[Pulp-dev] Backports and LTS
ipanova at redhat.com
Wed Jan 6 13:57:34 UTC 2021
Matt, that is a good observation and meanwhile with pulp2 we had such a
policy, we cannot adopt it with pulp3. Release fast and release often is
something we are trying to stick to.
It would be best to agree on the LTS version that would make all the
stakeholders happy but as it was pointed out not sure how we'd make this
possible, everyone has a different pace and release cycle.
Having that said, we should probably stick to option1 which puts more
burden on us but in return users and stakeholders are happy and the
project's upgrade path is stable.
One thing we could possibly do about the backport requests is to really be
thorough about which ones to accept by assessing the impact of the
stakeholder who has created the request and their possibility to upgrade if
Senior Software Engineer| Pulp| Red Hat Inc.
"Do not go where the path may lead,
go instead where there is no path and leave a trail."
On Wed, Jan 6, 2021 at 2:18 PM Matt Pusateri <mpusater at redhat.com> wrote:
> Another option is Current Version minus X (N-1, N-2, etc.) If for instance
> you say we support N-1, and current version is 3.9, then you'll back port
> to latest 3.8.x. N-2 at current version 3.9, would backport to 3.8.x,
> 3.7.x, etc. The advantages here are that you already set the expectation
> for everyone, you limit the versions you support, you force people to stay
> current to get fixes. The downside is that people have to upgrade and or
> it could impact downstream schedules. The impact with going this route is
> affected by the release velocity. So if you're rapidly releasing major
> versions, then it's more likely people won't keep up, or that they'll have
> to upgrade and are not able to for some reason.
> Matt P.
> On Wed, Jan 6, 2021 at 6:05 AM Matthias Dellweg <mdellweg at redhat.com>
>> Thanks for putting all the options together.
>> I would say that option 2 is a recipe for very bad user experience, and
>> i'd vote strongly against it.
>> I am ok with option 1, but I would add that the backport to the
>> intermediate minor releases _must_ be performed (as in released) counting
>> down, to always meet that upgrade expectation. Remember releasing can be
>> delayed unexpectedly due to reasons.
>> If we go for option 3, I think it's advisable to try to sync up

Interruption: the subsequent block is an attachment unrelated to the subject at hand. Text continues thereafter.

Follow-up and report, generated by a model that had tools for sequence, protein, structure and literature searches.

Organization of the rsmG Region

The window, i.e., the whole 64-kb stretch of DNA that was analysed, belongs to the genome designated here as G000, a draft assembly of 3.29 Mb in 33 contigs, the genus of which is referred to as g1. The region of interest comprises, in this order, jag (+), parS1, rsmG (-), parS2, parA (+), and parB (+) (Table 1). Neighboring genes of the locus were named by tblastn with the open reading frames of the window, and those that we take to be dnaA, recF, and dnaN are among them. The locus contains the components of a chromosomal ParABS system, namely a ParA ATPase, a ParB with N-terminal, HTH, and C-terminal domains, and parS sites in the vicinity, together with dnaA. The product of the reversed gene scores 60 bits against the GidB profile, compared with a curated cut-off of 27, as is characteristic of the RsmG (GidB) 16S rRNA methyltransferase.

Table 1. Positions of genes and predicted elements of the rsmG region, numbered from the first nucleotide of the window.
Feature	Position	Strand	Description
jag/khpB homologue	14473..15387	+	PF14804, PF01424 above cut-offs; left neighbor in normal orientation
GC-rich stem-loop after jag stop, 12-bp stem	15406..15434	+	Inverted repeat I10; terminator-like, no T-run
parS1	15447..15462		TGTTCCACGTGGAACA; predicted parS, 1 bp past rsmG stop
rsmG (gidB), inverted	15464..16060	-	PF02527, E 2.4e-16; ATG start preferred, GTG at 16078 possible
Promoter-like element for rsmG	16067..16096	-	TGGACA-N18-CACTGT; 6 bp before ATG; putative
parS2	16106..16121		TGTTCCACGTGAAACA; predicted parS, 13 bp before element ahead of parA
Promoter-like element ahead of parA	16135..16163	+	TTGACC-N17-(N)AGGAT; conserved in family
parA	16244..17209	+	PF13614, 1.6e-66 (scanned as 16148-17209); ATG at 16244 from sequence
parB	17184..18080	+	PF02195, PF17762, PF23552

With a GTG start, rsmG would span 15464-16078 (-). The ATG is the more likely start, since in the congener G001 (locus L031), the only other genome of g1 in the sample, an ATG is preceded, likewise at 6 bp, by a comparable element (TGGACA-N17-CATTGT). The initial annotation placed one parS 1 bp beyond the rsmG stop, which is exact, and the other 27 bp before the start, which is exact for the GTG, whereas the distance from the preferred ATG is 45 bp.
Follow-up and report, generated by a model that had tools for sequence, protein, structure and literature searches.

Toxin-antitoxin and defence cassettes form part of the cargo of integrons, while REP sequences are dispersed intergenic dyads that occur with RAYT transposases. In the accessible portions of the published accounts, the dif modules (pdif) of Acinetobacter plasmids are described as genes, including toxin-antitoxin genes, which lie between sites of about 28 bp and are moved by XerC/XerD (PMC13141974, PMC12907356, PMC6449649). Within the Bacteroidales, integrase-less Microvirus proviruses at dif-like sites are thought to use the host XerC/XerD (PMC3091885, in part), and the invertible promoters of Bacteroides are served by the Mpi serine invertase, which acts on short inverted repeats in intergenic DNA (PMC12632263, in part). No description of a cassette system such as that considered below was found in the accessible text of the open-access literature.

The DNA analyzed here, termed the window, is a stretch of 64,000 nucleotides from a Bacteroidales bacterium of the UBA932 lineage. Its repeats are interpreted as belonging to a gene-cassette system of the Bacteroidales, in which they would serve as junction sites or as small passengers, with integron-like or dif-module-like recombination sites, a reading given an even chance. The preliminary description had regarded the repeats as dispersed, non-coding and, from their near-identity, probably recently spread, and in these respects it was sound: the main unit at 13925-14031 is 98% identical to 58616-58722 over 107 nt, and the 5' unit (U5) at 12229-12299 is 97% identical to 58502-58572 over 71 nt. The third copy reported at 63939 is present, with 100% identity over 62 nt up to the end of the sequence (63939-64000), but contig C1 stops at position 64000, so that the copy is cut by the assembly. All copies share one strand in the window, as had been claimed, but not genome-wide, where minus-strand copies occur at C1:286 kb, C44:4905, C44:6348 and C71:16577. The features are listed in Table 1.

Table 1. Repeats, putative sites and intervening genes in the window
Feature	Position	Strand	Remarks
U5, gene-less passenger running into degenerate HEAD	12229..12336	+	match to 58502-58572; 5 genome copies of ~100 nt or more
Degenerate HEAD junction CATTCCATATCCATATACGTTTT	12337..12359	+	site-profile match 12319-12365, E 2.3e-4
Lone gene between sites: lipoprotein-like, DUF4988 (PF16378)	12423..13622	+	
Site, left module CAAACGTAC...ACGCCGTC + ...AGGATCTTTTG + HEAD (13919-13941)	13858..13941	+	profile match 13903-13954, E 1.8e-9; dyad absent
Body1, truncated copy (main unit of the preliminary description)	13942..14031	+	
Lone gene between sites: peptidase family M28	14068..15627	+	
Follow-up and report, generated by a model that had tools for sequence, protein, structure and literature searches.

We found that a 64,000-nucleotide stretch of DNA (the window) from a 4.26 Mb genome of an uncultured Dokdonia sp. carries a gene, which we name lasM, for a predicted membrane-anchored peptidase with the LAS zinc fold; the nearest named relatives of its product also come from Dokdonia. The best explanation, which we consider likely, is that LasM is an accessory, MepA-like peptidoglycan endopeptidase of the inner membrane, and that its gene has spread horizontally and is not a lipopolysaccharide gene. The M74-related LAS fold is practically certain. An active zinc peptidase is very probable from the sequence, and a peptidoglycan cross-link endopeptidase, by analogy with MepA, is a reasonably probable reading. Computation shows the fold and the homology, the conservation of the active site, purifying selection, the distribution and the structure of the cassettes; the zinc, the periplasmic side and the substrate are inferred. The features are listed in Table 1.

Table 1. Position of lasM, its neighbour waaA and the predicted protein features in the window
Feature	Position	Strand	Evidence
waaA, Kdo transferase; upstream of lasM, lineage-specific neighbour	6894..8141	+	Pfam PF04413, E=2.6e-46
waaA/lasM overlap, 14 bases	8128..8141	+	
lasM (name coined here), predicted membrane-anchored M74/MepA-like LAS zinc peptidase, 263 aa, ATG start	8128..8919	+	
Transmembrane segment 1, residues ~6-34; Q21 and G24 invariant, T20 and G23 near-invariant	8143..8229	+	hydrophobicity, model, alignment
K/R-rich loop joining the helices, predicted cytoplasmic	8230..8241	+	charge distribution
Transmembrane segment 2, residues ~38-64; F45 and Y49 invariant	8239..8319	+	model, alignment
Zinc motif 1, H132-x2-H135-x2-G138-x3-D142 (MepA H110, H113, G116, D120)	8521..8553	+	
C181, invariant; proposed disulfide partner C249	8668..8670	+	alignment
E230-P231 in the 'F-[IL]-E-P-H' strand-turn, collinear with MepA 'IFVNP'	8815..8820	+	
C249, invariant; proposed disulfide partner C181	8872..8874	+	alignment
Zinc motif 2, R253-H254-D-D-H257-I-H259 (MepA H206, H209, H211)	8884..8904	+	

>> stakeholders, because we don't want to maintain consecutive minor versions
>> as LTS, and again, backporting a fix must traverse all maintained LTS in
>> backward order. We should add expectations to how long we can keep an LTS
>> version alive, and how often we bless one.
>> On Tue, Jan 5, 2021 at 6:34 PM Tanya Tereshchenko <ttereshc at redhat.com>
>>> With more and further away backport requests coming in, there is more
>>> need for a clear policy/docs to set expectations for users and to define
>>> requirements for those performing a backport.
>>> The question which hasn't been answered yet (in documented way) is:
>>> *Should backports be backported to every (minor) version between the fix
>>> and the requested version?*
>>> E.g. A backport is requested for 3.7, the original fixed will be
>>> released in 3.10.
>>> Should the backport be added only to 3.7 or to 3.8 and 3.9 as well?
>>> Reminder: a backport can only be a bug fix and without a db migration.
>>> Option 1. Backport to all releases in between.
>>> + it's an expected upgrade path for users, no surprises, the fix is
>>> present all the way.
>>> - it's a lot of maintenance and release burden, and the further
>>> backport is the worse it is.
>>> Option 2. Backport to the requested release only.
>>> + just one backport and release to do
>>> - inconsistent user experience if a user doesn't upgrade to the latest
>>> version. E.g. a fix from 3.10 is backported to 3.7 only. If a user upgrades
>>> to 3.8 or 3.9. they will no longer have a fix. It's very unexpected at the
>>> very least, imo.
>>> Option 3. Have LTS releases and allow backports to the latest LTS only
>>> + just one backport and release to do
>>> + users are aware that backports go only into this release and do not
>>> expect fixes in non-LTS releases in between
>>> - less flexibility with multiple stakeholders (e.g. Katello will
>>> benefit from 3.7 being an LTS release, Galaxy - from 3.8)
>>> Please share your thoughts or suggest other options,
>>> Pulp-dev mailing list
>>> Pulp-dev at redhat.com
>> Pulp-dev mailing list
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